Tuesday, May 31, 2011

May Roses

May is a great month for roses here in Southern California. They all bloom so well that I didn't know, which pictures to post. Here is a small selection of roses that were flowering in my garden in this glorious month.

(you can click on the photos to enlarge)

Starting with 'Sister Elizabeth' one of the smaller David Austin roses. Just coming into her own from the small band that arrived at my door step, she was one of my favorites this month to bloom. Unfortunately the rose is struggling with powdery mildew, but I have hopes that she will grow out of it. Her blooms have become bigger and the rose is able to hold the canes a little bit more upright, so that the flowers can be appreciated better, than when the rose was younger.  

 'Mary Rose'. Always delivering perfectly formed blooms. A very lovely no-brainer rose here.

'Marie-Jeanne'. One of the more rare polyantha roses. I got this one from my dear friend Ingrid quite a while ago, but for a long time the roses was suffering from transplanting shock. This is the first really nice spray that it produced for me and I have to say I am very impressed. Thank you Ingrid, for your generous gift!

'Salet'. The one and only moss rose that I grow. She is doing well in my yard and I love to gently rub the mossed buds or the foliage of the rose and smell the typical spicy moss rose fragrance.


'Reine des Violettes' is one of my absolute favorites right now. With her beautiful unusual color she simply stands out of all my roses, demanding the attention that a queen deserves. Sorry for the chicken wire in the photo, but it is still a small plant and I am protecting her with chicken wire against rose loving rodents.

Rain drenched 'Iceberg' roses. Even though they are so common here in Southern California, I will always love my Icebergs.

'Sutter's Gold' an older hybrid tea rose, which is not that often seen anymore, with an absolutely wonderful fragrance. The coloration of this rose is also quite fascinating and always changing. If you are a lover of orange/yellow colored roses, this one might be an interesting one for you.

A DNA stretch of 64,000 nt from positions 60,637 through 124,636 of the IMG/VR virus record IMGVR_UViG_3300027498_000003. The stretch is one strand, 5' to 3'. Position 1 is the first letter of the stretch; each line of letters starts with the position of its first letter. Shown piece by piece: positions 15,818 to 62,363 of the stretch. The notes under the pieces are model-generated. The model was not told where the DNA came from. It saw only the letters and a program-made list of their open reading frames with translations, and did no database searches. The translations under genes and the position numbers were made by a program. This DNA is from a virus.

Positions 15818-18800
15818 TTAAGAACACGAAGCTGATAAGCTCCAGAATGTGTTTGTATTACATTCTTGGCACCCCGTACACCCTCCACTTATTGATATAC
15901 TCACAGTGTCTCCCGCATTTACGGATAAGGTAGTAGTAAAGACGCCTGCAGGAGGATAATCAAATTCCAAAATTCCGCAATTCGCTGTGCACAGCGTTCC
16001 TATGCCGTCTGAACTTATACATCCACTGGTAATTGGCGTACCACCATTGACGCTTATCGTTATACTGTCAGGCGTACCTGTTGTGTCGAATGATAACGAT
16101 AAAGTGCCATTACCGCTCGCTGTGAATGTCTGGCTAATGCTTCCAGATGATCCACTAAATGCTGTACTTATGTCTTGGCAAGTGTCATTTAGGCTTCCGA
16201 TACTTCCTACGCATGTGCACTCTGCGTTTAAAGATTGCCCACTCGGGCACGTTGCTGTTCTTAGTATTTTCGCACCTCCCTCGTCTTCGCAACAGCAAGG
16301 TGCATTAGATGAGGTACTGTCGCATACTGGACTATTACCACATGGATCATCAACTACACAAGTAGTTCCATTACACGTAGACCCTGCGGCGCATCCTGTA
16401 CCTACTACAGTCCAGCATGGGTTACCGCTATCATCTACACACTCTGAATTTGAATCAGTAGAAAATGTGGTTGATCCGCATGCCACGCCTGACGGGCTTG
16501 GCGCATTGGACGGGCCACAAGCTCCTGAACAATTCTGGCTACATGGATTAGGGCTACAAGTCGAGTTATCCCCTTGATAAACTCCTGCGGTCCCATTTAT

'Mme. Ernest Calvat'. I am truly in love with this bourbon rose for the fragrance and the lovely subtle color of her flowers. This year the rose is very sickly, suffering form blackspot. Last year she was relatively healthy and it seems to be the case that she just needs warmer weather to thrive. Well summer will come eventually!

Another of the perfect blooms of 'Pretty Jessica'. I am not exaggerating when I am saying that this rose is only producing perfect blooms with a wonderful strong fragrance and is very healthy in my garden. I think that 'Pretty Jessica' is underrated and deserves much more attention. I just planted mine finally into the ground last weekend and I can't wait to see more lovely blooms of her in the front yard.

'Mme. Isaac Periere', the sister of 'Mme. Ernest Calvat'. Surprisingly this rose is more healthy than 'Mme. Ernest Calvat' this year and I have no idea why. I love her sumptuous blooms with a strong pleasant perfume. 

Close-up of 'Marie Pavie', which usually blooms in clusters of many flowers and you rarely get a single blooms like shown in my photo.  I just love her neatly formed blooms in a delicate porcelain color. This is actually a very charming rose, which I just planted in the front yard. Can't wait to see how she is doing there. So far she has already started to grow tremendously and I expect a lot of blooms form her soon.

I have chosen 'William Shakespeare 2000' to finish my post about roses that bloomed in the month of May in my garden, because I consider this rose one of David Austin's finest creations so far. My rose is still small and only growing in a 2 gallon pot, but I am expecting great things from her, ones it will be planted into the ground. 

See you in the garden!


Monday, May 30, 2011

Albuquerque Botanical Garden Part II

Continuing my previous post about my visit to the Albuquerque Botanical Garden, next I walked through an area with a very beautiful and tasteful fountain.

(you can click on the photos to enlarge)


I have fallen head over heels in love with this beauty. Maybe because of its extraordinary craftsmanship and attention to detail in the way it is made. It reminded me of the old and beautiful fountains that you often find in Europe.